Monday, April 03, 2017

Pipeline Conf 2017

Not liquorice
Post originally shared on eLife's internal blog, but in the spirit of (green) open access here it is.

Last month I have attended the PIPELINE conference in London, 2017 edition. This event is a not-for-profit day dedicated to Continuous Delivery, the ability to get software changes into the hands of users, and to do so safely, quickly, and in a sustainable way. It is run by practitioners for practitioners, everyone on different sides of the spectrum like development, operations, testing, project management, or coaching.

The day is run with parallel tracks, divided into time slots of 40-minute talks and breaks for discussions and, of course, some sponsor pitches. I have been picking talks from the various tracks depending on their utility to eLife's testing and deployment platform, since our tech team has been developing every new project with this approach for a good part of 2016.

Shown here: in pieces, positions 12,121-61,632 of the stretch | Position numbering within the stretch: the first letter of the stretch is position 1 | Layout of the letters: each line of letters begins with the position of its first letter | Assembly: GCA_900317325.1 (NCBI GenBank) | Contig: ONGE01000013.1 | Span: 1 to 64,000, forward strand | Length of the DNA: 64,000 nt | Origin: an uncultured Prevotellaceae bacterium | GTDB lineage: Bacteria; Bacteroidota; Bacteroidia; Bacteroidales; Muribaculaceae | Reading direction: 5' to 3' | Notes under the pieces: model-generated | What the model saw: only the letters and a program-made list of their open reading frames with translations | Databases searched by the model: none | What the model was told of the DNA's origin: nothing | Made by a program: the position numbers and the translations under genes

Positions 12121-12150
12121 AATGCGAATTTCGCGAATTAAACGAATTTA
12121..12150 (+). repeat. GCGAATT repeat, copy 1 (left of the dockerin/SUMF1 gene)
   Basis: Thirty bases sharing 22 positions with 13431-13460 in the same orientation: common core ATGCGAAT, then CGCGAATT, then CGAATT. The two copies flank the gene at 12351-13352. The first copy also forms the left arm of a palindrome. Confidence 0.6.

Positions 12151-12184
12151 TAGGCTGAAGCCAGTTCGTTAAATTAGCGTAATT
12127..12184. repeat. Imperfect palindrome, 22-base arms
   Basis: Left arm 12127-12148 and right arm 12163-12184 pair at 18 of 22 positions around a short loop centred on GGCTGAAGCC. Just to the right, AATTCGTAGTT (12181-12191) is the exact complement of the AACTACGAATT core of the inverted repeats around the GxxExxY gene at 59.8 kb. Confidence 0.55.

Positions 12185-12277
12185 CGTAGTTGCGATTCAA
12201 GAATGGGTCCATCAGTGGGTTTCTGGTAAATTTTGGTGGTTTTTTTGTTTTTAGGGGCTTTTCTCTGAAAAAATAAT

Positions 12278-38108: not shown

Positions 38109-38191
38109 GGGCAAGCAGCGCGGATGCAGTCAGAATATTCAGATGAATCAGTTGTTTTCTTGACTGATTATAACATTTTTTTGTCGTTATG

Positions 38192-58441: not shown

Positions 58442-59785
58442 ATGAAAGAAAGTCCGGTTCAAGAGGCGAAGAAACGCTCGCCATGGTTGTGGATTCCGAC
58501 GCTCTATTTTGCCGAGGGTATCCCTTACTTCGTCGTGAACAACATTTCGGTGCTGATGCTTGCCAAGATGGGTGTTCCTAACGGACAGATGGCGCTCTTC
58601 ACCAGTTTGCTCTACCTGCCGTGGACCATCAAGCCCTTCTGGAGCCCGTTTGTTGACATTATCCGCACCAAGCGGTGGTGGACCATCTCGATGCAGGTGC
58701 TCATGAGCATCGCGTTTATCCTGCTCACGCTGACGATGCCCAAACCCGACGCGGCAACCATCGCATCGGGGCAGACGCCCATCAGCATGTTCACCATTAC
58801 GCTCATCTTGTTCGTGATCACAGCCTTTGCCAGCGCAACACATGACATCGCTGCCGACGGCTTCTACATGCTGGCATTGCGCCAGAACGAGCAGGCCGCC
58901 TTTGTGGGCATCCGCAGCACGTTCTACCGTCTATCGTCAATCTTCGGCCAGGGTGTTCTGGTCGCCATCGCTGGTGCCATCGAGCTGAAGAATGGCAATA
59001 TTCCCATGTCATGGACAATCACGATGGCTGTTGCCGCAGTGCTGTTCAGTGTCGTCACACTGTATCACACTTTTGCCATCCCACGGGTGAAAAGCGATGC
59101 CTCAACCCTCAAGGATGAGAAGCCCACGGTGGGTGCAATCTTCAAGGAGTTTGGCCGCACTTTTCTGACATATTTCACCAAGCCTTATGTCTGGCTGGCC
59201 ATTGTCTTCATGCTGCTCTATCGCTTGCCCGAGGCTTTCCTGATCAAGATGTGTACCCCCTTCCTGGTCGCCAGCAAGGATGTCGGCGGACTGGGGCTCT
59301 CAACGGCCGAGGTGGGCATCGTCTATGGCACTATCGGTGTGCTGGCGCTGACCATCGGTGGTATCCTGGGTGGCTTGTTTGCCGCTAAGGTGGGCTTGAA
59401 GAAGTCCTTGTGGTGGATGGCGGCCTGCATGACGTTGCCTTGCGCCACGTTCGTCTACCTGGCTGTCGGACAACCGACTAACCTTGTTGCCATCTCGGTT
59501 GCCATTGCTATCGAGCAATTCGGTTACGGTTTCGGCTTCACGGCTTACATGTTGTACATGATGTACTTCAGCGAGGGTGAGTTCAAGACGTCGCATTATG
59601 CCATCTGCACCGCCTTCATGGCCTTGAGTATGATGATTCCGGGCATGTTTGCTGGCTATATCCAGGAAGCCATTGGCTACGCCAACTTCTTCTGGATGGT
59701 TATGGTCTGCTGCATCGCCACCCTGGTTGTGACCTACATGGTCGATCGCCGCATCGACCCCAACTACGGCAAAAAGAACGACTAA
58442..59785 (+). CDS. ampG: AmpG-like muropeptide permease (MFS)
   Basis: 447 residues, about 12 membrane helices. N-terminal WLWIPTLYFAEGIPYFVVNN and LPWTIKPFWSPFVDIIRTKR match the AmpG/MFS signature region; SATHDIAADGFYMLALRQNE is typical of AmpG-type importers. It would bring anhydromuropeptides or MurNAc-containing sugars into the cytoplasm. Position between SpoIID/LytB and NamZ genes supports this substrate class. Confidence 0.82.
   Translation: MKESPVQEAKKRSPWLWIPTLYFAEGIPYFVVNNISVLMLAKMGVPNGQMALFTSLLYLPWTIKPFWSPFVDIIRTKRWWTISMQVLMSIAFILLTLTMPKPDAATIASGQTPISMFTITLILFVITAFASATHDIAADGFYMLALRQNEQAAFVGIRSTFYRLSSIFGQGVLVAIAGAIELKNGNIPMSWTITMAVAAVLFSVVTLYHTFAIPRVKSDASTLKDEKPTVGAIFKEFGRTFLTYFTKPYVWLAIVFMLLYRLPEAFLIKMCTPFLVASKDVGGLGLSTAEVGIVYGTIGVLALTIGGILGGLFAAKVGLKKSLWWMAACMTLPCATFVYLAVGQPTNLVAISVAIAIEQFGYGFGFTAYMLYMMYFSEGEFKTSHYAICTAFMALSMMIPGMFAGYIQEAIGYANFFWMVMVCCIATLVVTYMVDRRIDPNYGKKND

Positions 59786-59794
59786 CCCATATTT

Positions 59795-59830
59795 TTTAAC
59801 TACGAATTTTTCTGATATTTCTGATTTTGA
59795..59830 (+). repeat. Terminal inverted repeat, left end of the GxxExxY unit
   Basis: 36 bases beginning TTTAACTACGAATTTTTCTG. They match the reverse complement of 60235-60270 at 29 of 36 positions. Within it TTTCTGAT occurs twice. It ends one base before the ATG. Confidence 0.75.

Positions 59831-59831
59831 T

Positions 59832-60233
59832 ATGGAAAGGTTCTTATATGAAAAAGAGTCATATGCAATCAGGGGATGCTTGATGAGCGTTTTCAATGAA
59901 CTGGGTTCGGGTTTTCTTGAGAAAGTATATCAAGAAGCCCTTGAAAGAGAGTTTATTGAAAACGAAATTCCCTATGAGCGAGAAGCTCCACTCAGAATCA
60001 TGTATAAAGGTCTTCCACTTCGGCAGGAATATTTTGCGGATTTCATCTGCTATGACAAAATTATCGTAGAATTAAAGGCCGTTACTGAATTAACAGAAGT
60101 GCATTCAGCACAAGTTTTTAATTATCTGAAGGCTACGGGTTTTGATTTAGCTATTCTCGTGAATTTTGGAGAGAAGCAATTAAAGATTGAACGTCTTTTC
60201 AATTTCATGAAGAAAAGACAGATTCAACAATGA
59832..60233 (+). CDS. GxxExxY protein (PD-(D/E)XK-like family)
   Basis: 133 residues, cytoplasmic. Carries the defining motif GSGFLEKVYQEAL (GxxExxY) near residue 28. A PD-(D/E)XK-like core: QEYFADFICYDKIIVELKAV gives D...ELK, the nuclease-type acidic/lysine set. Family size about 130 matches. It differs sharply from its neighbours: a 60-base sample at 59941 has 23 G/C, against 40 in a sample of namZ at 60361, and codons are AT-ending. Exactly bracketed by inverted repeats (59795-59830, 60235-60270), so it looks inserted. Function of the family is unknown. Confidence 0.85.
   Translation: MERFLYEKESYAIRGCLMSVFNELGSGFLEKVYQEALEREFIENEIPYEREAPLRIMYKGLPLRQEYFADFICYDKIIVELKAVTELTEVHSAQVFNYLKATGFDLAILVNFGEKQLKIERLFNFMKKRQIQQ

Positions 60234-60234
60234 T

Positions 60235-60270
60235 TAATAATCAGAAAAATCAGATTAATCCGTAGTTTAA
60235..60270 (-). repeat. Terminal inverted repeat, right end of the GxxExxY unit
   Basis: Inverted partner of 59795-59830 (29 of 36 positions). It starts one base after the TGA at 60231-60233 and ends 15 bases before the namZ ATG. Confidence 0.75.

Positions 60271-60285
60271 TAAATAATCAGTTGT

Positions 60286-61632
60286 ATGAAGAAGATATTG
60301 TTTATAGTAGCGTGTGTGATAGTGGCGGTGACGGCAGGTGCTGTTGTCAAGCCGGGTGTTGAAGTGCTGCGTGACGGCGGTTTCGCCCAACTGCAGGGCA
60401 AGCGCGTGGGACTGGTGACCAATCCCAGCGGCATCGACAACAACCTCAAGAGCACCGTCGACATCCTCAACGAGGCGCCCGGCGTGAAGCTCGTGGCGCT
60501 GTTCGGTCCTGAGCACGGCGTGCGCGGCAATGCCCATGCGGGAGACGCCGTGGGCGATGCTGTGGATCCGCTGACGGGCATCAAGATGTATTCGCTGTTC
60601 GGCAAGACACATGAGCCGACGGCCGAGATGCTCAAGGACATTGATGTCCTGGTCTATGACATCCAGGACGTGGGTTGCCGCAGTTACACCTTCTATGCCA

The conceptual model of Continuous Delivery and of eLife's implementation of it is not dissimilar to the scientific publishing process:
  • there is some work performed into an isolated environment, such as a laboratory, but also someone's laptop;
  • which leads to a transferable piece of knowledge, such as a manuscript, but also a series of commits, roughly speaking some lines of code;
  • which is then submitted and peer reviewed. We do so through pull requests, which perform a series of automated tests to aid human reviewers inside the team; part of the review is also running the code to reproduce the same results on a machine which is not that original laptop.
  • after zero or more rounds of revisions, this work gets accepted and published...
  • which means integrating it with the rest of human knowledge, typesetting it, organizing citations and lots of metadata about the newly published paper. In software, the code has to be transformed into an efficient representation, or virtual machines have to be configured to work with it.